New York City Premiere
January 7, 8 and 10-14 at 8 PM
Inspired by actual medical texts from the 17th and 18th century, anatomy theater follows the progression of a convicted murderess from her confession to execution, to denouncement, and finally to dissection, including an anatomy lesson for curious onlookers. It is a moral dissection that seeks to discover how the insides of evildoers are different from those of righteous citizens. Written by Pulitzer Prize-Winning composer David Lang and world-renowned visual artist Mark Dion, anatomy theater is a sardonic, tuneful and grisly theatrical event.
Composer: David Lang
Librettists: Mark Dion & David Lang
Director: Bob McGrath
Conductor: Christopher Rountree
Scenic Designer: Mark Dion
Lighting Designer: Christopher Kuhl
Video Designer: Bill Morrison
Projection Designer: Laurie Olinder
Sound Designer & Audio Engineer: Garth MacAleavey
Costume Designer: Alixandra Gage Englund
Assistant Director: Alexander Gedeon
Stage Manager: Ryan Gohsman
Assistant Stage Manager: Julie Hurley
Sarah Osborne: Peabody Southwell
Joshua Crouch: Marc Kudisch
Baron Peel: Robert Osborne
Ambrose Strang: Timur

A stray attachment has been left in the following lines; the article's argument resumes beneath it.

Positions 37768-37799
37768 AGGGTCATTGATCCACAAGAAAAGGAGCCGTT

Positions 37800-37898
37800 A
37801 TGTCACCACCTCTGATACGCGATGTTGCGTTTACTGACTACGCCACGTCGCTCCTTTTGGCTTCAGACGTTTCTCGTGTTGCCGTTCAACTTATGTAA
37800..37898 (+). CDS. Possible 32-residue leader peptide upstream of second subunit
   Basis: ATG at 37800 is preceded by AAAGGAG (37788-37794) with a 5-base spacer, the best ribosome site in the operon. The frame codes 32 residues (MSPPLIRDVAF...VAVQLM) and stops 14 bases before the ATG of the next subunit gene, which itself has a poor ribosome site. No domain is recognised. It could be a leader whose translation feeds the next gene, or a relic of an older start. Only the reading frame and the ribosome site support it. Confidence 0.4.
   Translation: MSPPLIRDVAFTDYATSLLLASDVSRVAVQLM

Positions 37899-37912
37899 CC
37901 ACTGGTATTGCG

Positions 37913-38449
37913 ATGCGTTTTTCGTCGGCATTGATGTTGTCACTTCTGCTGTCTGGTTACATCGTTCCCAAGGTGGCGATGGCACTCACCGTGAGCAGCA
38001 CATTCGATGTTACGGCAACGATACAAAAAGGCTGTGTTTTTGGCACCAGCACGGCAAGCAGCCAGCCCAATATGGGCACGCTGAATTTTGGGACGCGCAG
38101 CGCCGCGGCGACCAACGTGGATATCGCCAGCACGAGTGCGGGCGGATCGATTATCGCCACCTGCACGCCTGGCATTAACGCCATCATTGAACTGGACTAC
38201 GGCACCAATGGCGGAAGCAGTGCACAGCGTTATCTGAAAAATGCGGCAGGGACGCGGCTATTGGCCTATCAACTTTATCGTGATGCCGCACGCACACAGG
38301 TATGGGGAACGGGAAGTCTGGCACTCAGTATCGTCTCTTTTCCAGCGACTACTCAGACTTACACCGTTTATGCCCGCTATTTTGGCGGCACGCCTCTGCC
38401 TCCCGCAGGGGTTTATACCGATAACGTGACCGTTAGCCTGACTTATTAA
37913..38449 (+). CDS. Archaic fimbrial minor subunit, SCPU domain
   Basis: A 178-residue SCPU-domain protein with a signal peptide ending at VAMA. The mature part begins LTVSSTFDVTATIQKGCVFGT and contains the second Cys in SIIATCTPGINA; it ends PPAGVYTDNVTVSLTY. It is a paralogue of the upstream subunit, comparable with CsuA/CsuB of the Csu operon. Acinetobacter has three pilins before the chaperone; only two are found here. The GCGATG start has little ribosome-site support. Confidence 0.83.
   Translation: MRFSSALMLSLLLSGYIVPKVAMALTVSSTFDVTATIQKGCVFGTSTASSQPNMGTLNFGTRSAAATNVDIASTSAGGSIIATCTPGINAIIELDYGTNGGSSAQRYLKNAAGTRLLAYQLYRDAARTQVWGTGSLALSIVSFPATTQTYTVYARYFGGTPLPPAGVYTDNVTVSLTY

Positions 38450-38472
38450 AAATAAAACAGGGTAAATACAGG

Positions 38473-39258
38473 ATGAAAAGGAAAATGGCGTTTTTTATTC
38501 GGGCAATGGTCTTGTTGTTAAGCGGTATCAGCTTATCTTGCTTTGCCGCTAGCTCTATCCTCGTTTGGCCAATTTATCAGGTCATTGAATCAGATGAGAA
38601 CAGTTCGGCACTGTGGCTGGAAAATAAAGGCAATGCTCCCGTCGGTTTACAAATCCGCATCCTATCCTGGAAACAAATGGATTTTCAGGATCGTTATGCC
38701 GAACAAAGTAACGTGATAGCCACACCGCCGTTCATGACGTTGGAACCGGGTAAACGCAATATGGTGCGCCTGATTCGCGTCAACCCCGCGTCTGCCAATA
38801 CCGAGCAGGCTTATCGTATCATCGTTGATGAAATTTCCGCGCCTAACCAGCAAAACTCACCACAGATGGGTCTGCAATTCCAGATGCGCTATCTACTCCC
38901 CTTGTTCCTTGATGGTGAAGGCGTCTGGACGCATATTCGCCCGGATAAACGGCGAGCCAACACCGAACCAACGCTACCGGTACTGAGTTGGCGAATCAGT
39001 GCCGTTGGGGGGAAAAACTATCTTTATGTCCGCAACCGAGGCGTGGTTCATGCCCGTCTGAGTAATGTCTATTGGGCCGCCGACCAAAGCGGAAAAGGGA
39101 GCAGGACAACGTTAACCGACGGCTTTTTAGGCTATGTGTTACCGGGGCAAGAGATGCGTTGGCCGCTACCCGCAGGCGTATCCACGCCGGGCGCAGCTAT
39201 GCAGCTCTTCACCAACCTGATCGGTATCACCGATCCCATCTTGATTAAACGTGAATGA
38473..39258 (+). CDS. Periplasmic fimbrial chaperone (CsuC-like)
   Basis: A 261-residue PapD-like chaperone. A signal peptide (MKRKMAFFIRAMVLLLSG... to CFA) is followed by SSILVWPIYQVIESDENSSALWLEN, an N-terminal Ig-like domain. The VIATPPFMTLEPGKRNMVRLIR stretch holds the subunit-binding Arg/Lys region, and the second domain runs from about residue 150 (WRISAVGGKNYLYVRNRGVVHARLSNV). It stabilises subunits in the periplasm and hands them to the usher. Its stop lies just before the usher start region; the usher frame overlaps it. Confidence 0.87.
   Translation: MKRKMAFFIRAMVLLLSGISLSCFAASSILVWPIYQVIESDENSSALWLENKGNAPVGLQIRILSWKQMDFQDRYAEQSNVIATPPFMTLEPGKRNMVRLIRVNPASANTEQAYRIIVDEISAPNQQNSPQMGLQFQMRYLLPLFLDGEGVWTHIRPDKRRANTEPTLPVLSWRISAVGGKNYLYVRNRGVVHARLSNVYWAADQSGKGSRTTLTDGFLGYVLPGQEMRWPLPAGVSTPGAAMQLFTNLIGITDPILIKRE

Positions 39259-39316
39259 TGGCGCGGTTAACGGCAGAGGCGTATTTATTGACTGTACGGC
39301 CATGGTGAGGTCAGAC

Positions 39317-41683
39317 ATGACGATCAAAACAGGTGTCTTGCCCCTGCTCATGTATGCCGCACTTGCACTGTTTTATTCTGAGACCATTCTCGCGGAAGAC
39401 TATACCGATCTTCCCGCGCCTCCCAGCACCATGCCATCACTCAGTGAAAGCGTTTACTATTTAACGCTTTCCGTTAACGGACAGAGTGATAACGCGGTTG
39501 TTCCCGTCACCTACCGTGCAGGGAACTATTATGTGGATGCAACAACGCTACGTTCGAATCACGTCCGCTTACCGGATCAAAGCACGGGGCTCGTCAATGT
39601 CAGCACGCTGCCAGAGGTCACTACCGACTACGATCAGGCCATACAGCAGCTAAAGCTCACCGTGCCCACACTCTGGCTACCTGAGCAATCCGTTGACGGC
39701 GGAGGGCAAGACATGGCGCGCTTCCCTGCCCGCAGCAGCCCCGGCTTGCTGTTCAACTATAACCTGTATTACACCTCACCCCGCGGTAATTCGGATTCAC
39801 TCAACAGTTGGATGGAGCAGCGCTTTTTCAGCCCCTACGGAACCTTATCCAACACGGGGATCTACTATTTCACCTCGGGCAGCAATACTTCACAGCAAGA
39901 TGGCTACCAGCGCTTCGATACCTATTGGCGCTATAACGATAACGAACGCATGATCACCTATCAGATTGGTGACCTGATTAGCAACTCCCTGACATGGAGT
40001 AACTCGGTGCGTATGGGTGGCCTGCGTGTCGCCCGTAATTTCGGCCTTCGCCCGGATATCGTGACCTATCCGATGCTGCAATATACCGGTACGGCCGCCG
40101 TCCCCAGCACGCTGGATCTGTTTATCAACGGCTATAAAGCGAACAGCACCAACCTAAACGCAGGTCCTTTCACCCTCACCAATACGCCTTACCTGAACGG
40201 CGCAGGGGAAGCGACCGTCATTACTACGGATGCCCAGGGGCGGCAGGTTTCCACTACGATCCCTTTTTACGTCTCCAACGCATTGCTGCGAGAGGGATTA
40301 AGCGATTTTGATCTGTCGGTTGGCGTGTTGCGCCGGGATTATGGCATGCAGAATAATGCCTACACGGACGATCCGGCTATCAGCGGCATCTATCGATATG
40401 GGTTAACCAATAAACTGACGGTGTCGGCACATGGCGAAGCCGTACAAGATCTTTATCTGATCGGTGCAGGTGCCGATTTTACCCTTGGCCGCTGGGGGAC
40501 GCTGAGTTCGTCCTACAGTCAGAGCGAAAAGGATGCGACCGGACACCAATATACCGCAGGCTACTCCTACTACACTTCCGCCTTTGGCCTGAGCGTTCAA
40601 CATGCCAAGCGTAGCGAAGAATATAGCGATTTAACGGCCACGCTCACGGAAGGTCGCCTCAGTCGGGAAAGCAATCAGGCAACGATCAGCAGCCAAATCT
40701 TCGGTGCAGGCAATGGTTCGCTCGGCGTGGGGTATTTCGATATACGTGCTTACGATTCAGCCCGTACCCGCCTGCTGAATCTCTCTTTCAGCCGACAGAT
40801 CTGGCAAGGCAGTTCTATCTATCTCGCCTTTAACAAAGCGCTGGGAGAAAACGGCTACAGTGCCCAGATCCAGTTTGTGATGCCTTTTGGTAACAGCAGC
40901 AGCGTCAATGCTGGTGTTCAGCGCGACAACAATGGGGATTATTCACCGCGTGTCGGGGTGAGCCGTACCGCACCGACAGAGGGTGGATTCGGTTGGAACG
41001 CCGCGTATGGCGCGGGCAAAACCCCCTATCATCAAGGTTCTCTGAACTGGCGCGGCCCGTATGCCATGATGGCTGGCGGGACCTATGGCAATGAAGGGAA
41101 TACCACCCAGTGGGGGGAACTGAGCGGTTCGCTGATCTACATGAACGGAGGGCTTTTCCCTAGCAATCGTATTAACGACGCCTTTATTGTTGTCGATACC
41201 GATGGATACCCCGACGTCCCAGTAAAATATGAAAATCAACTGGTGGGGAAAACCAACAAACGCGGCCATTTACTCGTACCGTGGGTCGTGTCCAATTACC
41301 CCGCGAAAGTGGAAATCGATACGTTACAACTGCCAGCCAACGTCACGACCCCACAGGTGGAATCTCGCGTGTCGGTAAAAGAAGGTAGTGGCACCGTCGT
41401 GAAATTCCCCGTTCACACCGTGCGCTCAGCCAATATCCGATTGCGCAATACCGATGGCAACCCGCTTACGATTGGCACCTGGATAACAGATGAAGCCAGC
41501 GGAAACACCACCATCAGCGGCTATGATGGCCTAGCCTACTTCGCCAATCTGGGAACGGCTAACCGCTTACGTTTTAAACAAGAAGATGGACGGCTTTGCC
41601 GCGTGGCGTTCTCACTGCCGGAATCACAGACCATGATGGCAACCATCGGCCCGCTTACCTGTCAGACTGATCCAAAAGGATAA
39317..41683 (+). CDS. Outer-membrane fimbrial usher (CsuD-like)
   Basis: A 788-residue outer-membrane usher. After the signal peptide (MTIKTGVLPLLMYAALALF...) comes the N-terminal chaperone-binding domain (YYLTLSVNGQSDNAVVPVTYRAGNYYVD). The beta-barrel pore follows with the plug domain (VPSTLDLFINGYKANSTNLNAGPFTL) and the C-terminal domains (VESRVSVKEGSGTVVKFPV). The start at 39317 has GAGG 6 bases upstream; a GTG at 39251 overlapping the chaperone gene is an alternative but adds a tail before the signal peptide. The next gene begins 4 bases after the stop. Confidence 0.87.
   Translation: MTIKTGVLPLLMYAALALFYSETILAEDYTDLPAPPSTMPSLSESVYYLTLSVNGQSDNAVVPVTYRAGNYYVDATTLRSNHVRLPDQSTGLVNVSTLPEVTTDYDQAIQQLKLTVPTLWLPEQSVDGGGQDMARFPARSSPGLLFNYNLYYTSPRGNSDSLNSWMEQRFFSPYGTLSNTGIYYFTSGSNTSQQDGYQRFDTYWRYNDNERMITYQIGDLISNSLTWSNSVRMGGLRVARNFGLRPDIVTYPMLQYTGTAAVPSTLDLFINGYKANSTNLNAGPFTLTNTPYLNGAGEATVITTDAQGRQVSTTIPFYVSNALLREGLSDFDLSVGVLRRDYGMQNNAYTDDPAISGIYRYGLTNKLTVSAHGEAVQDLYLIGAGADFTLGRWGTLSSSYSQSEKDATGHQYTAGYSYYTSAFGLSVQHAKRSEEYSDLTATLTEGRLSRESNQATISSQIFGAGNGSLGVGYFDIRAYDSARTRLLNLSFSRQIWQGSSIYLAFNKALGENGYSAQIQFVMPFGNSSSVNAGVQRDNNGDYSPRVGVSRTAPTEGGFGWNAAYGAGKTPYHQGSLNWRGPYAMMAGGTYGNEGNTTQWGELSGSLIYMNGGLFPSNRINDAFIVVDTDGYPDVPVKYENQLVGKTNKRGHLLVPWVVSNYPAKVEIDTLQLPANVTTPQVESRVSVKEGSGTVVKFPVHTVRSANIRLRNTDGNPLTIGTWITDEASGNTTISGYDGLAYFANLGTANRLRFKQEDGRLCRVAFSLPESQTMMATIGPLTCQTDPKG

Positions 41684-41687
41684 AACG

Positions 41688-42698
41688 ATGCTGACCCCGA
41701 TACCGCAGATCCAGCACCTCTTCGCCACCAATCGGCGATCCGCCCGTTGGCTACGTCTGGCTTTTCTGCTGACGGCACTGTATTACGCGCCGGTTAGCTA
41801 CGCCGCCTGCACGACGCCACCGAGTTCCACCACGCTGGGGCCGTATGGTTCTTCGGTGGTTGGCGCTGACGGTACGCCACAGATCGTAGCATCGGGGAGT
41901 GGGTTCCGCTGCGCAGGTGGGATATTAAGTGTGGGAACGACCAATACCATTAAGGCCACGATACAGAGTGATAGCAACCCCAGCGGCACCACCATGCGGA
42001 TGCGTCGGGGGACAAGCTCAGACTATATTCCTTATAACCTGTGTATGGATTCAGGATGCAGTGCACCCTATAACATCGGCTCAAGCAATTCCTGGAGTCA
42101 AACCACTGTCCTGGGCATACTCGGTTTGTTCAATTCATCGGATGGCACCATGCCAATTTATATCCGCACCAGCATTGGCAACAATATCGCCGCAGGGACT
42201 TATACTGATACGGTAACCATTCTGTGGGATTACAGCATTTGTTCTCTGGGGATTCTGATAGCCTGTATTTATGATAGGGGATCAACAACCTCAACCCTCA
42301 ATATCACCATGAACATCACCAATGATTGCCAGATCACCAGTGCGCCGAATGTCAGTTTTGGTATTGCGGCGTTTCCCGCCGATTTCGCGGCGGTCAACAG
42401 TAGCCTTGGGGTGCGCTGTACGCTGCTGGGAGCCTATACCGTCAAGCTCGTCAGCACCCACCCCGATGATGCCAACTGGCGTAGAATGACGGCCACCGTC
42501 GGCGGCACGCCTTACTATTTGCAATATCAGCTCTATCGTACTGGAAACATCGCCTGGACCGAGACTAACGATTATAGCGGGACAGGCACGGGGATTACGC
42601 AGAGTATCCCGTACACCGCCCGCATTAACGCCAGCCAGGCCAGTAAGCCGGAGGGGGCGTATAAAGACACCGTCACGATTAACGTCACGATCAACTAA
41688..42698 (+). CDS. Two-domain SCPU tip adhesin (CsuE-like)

With the International Contemporary Ensemble (ICE)
International Contemporary Ensemble (ICE): Kivie Cahn-Lipman, Phyllis Chen, Nathan Davis, Erica Dicker, Emi Ferguson, Gareth Flowers, Anne Lanzilotti, Josh Rubin, and Randy Zigler
Supernumeraries: Rosario Alvarez, Irina Kaplan, Ana Kirkland, Yeujia Low, Moira McCormick, Matt McDonough, Andrew Schurr, and Natasha Thweat
Video Engineer: Simon Harding
Assistant to the Director: Robert Kitchens
Consultant Production Manager: Sarah Peterson
Production Manager: Carly Levin
Wardrobe Assistant: Casper Sutton-Fosman
Rehearsal Pianist: John Arida
At BRIC House
A Ridge Theater Production. Developed and Produced by Beth Morrison Projects. Development support provided by BRIC and MassMoCA. anatomy theater premiered at LA Opera in a Beth Morrison Projects production in June 2016.